Starship Troopers by Robert A. Heinlein.
Starship Troopers asserts the heretical idea that the use of political power can cause people harm. Harm is bad and perhaps, therefore, the use of political power should be made better.
Political power might be made better: less tyrannical or short-sighted or spendthrift or miserly or bellicose or arbitrary if those who wielded it had been obliged to prove by some test in advance of governing that they possess some level of social and personal responsibility.
If the volunteers show themselves to be prepared to take personal risks – including death or injury – to preserve the body politic, then we might justly consider they are potentially more responsible than others who don’t do so.
Volunteering for military service can indicate some level of social and personal responsibility and some level of risk.
Therefore, perhaps the decision to undertake voluntary military service should be used as the chief test to qualify to vote or for standing for office.
In Starship Troopers’ future Earth and its space colonies, only discharged veterans of a minimum of two years’ military service [or honourably invalided out] can vote or stand for office.
Above all it’s an exciting military science fiction novel – one of Heinlein’s so-called ‘juveniles’ – and it still stands up both as science fiction and as a war story today – decades after its publication.
But Heinlein is triumphantly right-headed in it, and his characters discuss, explain, and exemplify, amongst other things, the out-dated and unegalitarian concept of virtue: a sense of political involvement and competence which is legitimate becasue of cost at which that involvement has been bought.
Government is force – ‘ the rods and the axes’, and for all the limits on it; the conventions and limitations and however closely it might try to parallel public morality, when it comes down to it the difference between doing what the government tells you to do and doing what you want or feel duty-bound to do is that the government can justly use force against you if you disobey. So to use the power of that coercion – you must balance the power with responsibility.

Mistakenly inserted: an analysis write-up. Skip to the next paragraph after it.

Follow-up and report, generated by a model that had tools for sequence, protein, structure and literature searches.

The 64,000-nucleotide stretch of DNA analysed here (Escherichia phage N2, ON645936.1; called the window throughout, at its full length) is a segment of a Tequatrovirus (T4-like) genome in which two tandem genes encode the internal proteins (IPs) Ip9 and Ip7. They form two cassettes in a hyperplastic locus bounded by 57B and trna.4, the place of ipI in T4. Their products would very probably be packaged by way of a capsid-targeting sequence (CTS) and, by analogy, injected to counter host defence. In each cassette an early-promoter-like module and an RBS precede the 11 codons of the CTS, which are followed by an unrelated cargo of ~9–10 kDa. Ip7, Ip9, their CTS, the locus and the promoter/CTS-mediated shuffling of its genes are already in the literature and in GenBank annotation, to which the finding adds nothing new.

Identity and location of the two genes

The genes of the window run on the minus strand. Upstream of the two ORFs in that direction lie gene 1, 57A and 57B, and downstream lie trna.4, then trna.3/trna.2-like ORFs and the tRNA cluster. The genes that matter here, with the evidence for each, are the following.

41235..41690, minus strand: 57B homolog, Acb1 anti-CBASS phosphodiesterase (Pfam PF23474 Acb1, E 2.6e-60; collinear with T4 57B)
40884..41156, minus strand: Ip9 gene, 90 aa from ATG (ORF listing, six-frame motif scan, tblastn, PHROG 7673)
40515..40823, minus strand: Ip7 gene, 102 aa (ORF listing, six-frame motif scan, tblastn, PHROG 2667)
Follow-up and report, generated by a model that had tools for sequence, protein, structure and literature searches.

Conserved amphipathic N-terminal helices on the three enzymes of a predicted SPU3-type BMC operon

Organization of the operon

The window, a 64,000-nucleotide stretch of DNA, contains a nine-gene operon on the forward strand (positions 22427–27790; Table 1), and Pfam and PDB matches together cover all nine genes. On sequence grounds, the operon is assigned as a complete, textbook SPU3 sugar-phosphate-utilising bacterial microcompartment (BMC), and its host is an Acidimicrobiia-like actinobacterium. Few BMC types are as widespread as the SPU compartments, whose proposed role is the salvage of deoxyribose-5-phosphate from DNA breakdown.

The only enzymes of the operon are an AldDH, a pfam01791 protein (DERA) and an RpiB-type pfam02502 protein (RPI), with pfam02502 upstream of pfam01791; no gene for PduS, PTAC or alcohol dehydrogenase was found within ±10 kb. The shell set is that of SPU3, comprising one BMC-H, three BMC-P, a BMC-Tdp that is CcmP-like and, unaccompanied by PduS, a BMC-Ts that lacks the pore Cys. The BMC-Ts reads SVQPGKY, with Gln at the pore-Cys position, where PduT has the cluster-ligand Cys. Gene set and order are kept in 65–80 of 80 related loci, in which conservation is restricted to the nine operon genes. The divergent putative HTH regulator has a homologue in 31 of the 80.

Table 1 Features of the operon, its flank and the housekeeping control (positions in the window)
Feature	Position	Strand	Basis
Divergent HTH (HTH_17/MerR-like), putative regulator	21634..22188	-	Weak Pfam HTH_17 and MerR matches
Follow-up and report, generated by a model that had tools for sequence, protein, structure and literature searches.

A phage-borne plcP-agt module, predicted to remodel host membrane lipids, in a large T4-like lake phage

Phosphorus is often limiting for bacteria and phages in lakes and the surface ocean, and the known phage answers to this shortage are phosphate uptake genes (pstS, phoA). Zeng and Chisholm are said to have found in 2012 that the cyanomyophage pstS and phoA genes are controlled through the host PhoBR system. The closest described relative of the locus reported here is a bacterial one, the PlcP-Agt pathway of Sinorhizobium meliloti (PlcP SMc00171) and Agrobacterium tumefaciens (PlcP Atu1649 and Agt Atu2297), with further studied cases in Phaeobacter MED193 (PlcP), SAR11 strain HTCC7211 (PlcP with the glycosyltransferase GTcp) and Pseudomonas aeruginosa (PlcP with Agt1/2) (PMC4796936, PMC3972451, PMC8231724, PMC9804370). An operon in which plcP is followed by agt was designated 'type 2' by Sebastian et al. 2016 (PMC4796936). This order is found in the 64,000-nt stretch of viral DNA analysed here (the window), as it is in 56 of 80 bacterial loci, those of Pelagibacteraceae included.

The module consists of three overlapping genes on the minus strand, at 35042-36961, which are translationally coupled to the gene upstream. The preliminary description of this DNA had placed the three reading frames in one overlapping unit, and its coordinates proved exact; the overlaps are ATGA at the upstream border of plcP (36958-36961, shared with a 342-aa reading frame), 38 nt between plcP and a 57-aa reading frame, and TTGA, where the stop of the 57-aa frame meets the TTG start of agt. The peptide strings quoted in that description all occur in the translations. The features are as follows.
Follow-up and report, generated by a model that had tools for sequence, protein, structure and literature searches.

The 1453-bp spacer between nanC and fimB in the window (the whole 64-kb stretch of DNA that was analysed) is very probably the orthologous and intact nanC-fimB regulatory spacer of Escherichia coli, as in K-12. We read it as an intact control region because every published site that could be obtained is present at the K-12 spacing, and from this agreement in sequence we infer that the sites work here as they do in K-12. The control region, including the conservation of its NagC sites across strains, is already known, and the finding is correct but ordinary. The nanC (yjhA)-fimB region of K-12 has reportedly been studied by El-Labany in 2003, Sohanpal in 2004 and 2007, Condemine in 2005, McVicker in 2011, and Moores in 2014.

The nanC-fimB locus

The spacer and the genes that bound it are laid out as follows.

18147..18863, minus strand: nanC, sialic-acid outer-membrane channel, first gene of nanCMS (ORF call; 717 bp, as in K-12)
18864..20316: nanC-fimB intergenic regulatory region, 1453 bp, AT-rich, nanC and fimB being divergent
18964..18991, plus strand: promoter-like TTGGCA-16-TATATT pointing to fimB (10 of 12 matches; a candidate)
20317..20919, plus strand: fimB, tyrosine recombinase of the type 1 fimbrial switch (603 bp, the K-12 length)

Heinlein wrote all kinds of true and un-Leftie things, and though I now disagree that all co-operation with the State is through fear and compulsion, he makes a strong case for a democratic republic whose enfranchised citizens have earned their power. The Left in most of its forms spits feathers to this day at the book. The very notion that society and government aren't or shouldn't be: a costless give-away game show with the State as compère starting up the conveyor belt with its set of winesglasses, cuddly toy, towel; or a shopping channel with an infinite credit limit on your card is blasphemous to most. And of course they responded with fair-minded logical disagreement and closely-argued refutations...Ah, you spotted my deliberate mistake, huh? Okay, I confess: they defamed Heinlein personally from the start and continue to misrepresent his arguments even now.
And he throws some magnificent grenades at the Left-liberal wishful thinking - and all in his familiar relaxed, easy prose style.
Oh, and naked force and the threat of force has solved more major international problems in history than any other factor.
Oh, and an executed murderer can never, ever repeat his crime.
Oh, and irresponsible government always leads to disaster.
Oh, and the labour theory of value is worthless.
Oh, and human beings aren’t suited to communism.
Oh, and if ‘women and children first’ isn’t the overriding motive of a system of government, then that government will fail when its population fails.
Oh, and if you don’t have any force to use; if you lay down your arms, then somebody else or something else will move in as soon as it can and displace you and the universe won’t even notice you’ve gone away.
Liberals hate Starship Troopers.
Socialists hate Starship Troopers.
Communists hate Starship Troopers.
Anarchists hate Starship Troopers.
I love Starship Troopers.